If this measure is inadequate, shock should first be treated with volume expanders. If necessary, vasopressor should then be used. Renal function should be monitored and supported as needed.
Since Doxazosin is highly protein bound, dialysis is not indicated.
Mechanism of action
Doxazosin is a potent and selective post-junctional alpha-1-adrenoceptor antagonist. This action results in a decrease in systemic blood pressure. Doxazosin is appropriate for oral administration in a once daily regimen in patients with essential hypertension.
Doxazosin has been shown to be free of adverse metabolic effects and is suitable for use in patients with co-existent diabetes mellitus, gout and insulin resistance.
Doxazosin is suitable for use in patients with coexistent asthma, left ventricular hypertrophy and in elderly patients. Treatment with Doxazosin has been shown to result in regression of left ventricular hypertrophy, inhibition of platelet aggregation and enhanced activity of tissue plasminogen activator. Additionally, Doxazosin improves insulin sensitivity in patients with impairment.
Doxazosin, in addition to its antihypertensive effect, has in long term studies produced a modest reduction in plasma total cholesterol, LDL-cholesterol and triglyceride concentrations and therefore may be of particular benefit to hypertensive patients with concomitant hyperlipidaemia.
Administration of Doxazosin to patients with symptomatic BPH results in a significant improvement in urodynamics and symptoms. The effect in BPH is thought to result from selective blockade of the alpha-adrenoceptors located in the muscular stroma and capsule of the prostate, and in the bladder neck.
Following oral administration in humans (young male adults or the elderly of either sex), Doxazosin is well absorbed and approximately two thirds of the dose is bioavailable.
Approximately 98% of doxazosin is protein-bound in plasma. Doxazosin is extensively metabolised in man and in the animal species tested, with the faeces being the predominant route of excretion.
The mean plasma elimination half-life is 22 hours thus making the drug suitable for once daily administration.
After oral administration of doxazosin the plasma concentrations of the metabolites are low. The most active (6' hydroxy) metabolite is present in man at one fortieth of the plasma concentration of the parent compound which suggests that the antihypertensive activity is in the main due to doxazosin.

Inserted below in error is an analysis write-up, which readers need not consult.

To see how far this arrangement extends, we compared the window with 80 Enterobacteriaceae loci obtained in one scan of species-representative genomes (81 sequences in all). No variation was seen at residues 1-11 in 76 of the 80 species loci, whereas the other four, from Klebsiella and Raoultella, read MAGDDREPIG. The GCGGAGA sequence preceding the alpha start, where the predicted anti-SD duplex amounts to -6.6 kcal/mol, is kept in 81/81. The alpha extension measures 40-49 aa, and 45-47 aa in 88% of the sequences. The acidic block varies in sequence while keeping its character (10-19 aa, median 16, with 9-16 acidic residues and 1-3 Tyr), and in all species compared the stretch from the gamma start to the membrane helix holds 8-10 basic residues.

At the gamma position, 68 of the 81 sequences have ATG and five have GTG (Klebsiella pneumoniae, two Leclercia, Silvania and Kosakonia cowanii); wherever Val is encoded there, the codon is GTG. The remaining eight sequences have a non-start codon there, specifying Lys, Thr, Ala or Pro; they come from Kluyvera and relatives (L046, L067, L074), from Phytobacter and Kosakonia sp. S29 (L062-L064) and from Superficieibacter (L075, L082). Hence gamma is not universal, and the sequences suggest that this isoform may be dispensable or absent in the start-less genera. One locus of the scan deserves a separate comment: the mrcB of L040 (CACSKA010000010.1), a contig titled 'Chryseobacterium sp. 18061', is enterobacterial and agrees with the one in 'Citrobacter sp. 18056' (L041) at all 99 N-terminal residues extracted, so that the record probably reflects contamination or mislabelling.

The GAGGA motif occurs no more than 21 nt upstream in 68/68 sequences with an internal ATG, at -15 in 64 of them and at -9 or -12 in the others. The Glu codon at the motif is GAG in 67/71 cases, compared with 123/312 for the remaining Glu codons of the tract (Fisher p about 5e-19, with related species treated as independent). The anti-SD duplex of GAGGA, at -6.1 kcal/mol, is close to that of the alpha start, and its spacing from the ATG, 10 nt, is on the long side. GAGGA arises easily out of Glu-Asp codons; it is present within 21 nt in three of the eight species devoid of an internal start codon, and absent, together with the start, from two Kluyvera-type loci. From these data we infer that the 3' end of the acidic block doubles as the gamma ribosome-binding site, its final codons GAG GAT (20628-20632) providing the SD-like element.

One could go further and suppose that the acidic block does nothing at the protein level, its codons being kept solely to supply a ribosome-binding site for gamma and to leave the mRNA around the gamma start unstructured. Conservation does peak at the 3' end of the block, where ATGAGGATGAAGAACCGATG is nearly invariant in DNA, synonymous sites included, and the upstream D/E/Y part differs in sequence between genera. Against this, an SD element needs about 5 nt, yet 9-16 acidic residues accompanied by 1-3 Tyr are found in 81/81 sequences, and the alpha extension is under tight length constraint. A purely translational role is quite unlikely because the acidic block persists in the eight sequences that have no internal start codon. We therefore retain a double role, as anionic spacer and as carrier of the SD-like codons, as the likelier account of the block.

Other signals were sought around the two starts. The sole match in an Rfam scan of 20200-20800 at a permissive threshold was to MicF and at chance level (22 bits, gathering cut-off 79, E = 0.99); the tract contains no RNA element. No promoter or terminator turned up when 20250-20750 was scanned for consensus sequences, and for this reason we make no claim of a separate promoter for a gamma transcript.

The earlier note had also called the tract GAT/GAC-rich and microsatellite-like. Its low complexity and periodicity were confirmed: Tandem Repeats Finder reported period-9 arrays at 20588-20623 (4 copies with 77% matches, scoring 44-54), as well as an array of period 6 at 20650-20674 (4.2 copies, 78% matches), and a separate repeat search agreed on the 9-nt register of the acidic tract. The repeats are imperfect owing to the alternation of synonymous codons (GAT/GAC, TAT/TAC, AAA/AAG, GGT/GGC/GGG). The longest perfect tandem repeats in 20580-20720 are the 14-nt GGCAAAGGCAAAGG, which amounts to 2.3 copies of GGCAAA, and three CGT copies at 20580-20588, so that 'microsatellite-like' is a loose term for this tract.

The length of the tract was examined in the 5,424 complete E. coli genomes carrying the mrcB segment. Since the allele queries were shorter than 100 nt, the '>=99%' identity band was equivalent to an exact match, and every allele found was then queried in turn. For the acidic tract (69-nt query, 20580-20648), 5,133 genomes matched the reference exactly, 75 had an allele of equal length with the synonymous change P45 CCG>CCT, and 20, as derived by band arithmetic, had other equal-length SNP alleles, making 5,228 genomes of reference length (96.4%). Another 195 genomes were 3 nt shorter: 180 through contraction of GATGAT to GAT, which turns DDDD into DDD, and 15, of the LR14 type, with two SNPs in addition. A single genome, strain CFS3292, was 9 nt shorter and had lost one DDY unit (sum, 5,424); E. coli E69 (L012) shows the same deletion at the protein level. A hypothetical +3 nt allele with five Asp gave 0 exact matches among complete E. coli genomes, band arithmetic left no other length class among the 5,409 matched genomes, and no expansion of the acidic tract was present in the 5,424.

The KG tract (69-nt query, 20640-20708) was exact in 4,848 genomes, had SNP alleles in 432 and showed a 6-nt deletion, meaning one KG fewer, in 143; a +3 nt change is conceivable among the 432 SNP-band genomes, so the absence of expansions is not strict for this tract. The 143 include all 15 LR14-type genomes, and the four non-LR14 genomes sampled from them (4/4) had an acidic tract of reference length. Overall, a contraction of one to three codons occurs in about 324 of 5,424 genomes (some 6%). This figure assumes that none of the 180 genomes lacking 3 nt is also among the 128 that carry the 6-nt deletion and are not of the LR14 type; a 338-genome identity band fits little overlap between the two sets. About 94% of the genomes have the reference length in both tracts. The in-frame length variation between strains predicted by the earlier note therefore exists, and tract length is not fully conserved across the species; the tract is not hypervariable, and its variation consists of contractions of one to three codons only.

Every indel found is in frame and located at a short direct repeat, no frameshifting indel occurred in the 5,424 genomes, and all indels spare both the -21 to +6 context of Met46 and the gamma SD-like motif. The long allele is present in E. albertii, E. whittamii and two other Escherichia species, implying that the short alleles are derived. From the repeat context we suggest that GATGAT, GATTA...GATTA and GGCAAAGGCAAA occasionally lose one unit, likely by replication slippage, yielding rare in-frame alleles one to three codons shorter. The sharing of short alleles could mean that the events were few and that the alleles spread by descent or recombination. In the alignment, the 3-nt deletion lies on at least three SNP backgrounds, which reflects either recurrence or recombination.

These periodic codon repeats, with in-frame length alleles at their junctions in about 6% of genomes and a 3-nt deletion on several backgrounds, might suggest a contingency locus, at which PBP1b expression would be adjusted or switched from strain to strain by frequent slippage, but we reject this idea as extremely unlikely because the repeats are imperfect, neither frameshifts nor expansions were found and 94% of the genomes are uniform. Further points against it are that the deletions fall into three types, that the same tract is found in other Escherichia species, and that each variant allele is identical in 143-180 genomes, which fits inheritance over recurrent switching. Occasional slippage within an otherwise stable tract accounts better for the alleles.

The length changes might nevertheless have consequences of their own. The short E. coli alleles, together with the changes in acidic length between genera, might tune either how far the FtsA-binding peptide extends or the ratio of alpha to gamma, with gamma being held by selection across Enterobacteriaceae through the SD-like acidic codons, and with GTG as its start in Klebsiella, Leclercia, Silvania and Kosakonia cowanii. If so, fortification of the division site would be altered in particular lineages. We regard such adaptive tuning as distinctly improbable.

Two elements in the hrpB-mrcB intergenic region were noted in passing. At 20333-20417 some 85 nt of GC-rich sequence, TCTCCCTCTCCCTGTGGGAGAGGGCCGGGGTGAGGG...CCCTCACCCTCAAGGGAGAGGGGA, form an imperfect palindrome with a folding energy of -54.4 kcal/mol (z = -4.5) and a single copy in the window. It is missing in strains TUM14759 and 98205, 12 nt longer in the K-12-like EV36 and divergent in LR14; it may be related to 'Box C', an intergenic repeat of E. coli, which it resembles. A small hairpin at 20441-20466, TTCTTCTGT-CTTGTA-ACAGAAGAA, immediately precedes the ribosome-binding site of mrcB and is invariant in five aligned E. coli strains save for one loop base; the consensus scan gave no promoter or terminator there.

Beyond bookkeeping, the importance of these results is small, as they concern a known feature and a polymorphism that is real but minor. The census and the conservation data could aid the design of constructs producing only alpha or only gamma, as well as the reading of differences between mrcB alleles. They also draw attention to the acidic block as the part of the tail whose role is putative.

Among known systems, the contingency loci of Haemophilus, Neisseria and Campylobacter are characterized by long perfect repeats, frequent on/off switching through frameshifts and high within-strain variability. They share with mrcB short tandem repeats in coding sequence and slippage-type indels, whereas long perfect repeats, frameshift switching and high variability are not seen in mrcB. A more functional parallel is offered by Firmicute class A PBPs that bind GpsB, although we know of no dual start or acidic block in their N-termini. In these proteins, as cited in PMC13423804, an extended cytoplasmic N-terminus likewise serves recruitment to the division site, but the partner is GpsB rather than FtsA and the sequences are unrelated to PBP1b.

There are only limited data in patients with liver impairment and on the effects of drugs known to influence hepatic metabolism (e.g. cimetidine). In a clinical study in 12 subjects with moderate hepatic impairment, single dose administration of doxazosin resulted in an increase in AUC of 43% and a decrease in apparent oral clearance of 40%. As with any drug wholly metabolised by the liver, doxazosin should be administered with caution to patients with impaired liver function (see section 4.4).
Doxazosin is extensively metabolized in the liver. In vitro studies suggest that the primary pathway for elimination is via CYP 3A4; however, CYP 2D6 and CYP 2C9 metabolic pathways are also involved for elimination, but to a lesser extent.
Preclinical data reveal no special hazard for humans based on conventional animal studies in safety pharmacology, repeated dose toxicity, genotoxicity and carcinogenicity.
Although no teratogenic effects were seen in animal testing, reduced foetal survival was observed in animals at doses approximately 300 times greater than the maximum human recommended dose.
Studies in lactating rats given a single oral dose of radioactive doxazosin indicate that doxazosin accumulates in rat milk with a maximum of concentration about 20 times greater than the maternal plasma concentration.
sodium starch glycolate (type A)
sodium lauryl sulphate
colloidal anhydrous silica
Store below 25°C.
Aluminium PVC/PVDC blister:
28 tablets in a calendar pack.
No special requirements
7 Sopwith Way
Drayton Fields, Daventry
Northamptonshire NN11 8PB
Date of first authorisation: 03/05/2002
Date of latest renewal: 02/03/2009
7, Sopwith Way, Drayton Fields, Daventry, Northamptonshire, NN11 8PB, UK
+44 (0)1327 312 266
+44 (0)1327 312 262
+44 (0) 1748 828 784
+44 (0) 1748 828 784